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England v Japan

That's all from us, then. England have missed out on a place in the Women's World Cup final in the cruellest of circumstances; a last minute own goal from arguably their best player on the night. Gut-wrenching stuff.

A final look at the winner; Japan were on the break and looking very dangerous. Kawasumi's brilliant run down the right was capped by a wonderful cross into the box and had Bassett not stretched across, you feel it would have fallen to either Ogimi and Iwabuchi who would have surely scored.

I have no words to describe it, the only thing I have to say is that I
am so proud of all the girls and staff. We've had an amazing journey but
that's football, it can be cruel sometimes but we have to try and pick
ourselves up and play Germany on Saturday. These are a bunch of girls
that give everything for the jersey and are great people. We want to
take that into the game on Saturday. We have tried to perform and get to
the World Cup final that we wanted, but it just wasn't to be today.

England captain Steph Houghton [via BBC One]

It is really is heartbreaking. I think we have to first and foremost
congratulate the players for an incredible tournament. Laura Bassett's
name is on that score sheet but she has epitomised the team. She has been
courageous, strong and she doesn't deserve that [to score an own goal].
She is a hero, an absolute hero, that is how she will be remembered.
I've told them it's OK to cry, they left everything on the field and
it's a really tough way to go out. I'm so proud of them. We came here as
a huge underdog with the weight of a nation on our back. We had critics
and they have inspired a nation and they deserve to go home as heroes.

England manager Mark Sampson on England's defeat. [via BBC One]

Japan will go onto meet United States in the final of the 2015 Women's World Cup with a record of having won all six of their matches in normal time. But they were well and truly on the ropes at times this evening.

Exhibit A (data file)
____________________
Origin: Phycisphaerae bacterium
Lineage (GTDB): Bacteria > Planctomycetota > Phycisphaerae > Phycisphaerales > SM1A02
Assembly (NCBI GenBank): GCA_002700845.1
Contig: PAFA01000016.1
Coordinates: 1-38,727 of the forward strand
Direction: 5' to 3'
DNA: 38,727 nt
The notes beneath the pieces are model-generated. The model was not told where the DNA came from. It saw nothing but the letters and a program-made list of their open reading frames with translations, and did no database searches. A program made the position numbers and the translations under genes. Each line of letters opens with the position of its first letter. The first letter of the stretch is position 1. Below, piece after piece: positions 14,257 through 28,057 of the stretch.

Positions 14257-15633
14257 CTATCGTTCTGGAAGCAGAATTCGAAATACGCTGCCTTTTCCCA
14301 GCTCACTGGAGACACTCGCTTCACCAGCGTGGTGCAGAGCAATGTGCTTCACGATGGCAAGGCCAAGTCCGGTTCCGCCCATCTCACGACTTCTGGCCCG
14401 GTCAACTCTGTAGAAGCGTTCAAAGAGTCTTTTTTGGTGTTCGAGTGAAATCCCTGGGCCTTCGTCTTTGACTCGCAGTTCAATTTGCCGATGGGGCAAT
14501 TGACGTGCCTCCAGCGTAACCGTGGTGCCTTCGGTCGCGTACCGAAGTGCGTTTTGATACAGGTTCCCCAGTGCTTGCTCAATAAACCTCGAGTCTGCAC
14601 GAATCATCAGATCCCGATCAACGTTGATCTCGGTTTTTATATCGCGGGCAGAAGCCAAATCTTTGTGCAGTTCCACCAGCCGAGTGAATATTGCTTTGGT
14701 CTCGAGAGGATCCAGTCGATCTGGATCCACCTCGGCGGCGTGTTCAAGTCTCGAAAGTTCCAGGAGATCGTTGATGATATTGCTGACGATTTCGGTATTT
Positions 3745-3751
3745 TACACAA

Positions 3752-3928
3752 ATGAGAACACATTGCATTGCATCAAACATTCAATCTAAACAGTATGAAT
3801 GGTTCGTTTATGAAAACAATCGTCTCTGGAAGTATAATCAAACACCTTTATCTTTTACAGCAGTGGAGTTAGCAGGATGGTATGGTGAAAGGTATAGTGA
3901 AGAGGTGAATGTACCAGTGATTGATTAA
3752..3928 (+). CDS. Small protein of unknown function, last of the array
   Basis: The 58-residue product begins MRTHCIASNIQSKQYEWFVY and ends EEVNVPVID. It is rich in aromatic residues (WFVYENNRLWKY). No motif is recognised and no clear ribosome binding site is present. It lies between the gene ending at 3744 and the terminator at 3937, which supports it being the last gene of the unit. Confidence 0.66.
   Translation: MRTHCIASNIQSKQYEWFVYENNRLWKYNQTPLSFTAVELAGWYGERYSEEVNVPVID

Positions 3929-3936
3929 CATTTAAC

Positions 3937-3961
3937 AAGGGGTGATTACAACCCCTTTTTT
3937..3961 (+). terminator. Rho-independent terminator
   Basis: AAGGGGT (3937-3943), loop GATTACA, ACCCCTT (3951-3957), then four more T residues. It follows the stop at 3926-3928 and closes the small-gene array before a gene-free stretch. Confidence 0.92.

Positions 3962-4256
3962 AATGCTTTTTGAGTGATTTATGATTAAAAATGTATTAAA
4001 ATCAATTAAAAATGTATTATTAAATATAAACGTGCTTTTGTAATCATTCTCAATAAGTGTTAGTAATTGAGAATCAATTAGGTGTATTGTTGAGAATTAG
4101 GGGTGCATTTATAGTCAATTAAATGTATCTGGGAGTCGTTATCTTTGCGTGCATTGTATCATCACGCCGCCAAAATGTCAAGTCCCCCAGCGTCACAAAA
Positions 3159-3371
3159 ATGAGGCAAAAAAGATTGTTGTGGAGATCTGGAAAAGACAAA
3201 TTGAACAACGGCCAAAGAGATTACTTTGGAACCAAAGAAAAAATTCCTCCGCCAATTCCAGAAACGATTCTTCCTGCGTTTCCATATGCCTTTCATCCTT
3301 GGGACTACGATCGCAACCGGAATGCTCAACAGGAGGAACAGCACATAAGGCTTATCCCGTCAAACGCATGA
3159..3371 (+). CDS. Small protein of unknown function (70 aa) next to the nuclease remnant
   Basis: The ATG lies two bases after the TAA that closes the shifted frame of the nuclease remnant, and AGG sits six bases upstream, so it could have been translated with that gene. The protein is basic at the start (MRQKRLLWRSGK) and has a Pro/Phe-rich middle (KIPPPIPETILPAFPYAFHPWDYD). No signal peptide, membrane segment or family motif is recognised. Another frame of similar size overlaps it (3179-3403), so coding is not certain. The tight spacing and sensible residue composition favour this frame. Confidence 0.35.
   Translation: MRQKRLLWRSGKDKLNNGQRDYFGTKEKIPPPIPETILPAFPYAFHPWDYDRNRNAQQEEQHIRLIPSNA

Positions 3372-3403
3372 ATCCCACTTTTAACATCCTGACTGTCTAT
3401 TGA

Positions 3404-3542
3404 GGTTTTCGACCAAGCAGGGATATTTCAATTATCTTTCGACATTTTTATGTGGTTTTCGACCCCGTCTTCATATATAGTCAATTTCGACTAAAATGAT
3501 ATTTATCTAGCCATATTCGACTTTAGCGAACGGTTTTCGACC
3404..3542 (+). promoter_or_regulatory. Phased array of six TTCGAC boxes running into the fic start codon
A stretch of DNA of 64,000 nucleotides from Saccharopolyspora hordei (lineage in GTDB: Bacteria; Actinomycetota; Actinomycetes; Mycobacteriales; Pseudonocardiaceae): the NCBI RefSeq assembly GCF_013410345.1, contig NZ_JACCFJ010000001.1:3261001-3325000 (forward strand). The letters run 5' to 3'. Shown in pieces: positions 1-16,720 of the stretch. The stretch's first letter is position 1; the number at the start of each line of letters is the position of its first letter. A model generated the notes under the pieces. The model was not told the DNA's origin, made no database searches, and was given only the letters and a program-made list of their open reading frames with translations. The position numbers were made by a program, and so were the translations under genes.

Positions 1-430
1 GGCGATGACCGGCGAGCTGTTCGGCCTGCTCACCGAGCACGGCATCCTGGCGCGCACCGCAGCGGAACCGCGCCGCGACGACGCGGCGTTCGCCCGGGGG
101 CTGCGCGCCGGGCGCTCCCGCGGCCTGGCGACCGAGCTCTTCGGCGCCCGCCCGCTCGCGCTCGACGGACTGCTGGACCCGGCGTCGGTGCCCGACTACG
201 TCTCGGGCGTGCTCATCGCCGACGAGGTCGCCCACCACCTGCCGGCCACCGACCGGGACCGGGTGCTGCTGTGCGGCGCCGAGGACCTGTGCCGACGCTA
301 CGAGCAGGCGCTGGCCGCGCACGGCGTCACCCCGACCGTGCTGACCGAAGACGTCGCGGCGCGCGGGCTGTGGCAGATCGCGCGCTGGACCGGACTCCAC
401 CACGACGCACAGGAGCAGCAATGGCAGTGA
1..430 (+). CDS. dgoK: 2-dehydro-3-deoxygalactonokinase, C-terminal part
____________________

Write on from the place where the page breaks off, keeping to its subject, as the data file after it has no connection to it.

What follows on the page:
Poor Laura Bassett. She is inconsolable as she leaves the pitch in tears with her teammates rallying around her. That was a tremendous effort from England against the defending world champions. But they are out of the World Cup.

That came with seconds of the match remaining. England barely had time to kick off again. It doesn't get crueller than that.

That is absolutely devastating for England and Laura Bassett. Trying to clear Kawasumi excellent cross from the right, the England defender stretched across looking to get something on the ball only for her touch to lift the ball over Bardsley, off the underside of the bar and into the England net.

FULL TIME: Japan 2-1 England

Absolute heartbreak from England. Japan advance on the counter attack and it's four on four. A cross comes in from the right and Laura Bassett, arguably England's woman of the match, diverts the ball into the back of her own net in a vain attempt to clear the ball.

Goal! Japan 2-1 England

Ogimi is shown a yellow card and England have one last chance maybe to pump the ball into the box. We are well into the four minutes of injury time added on.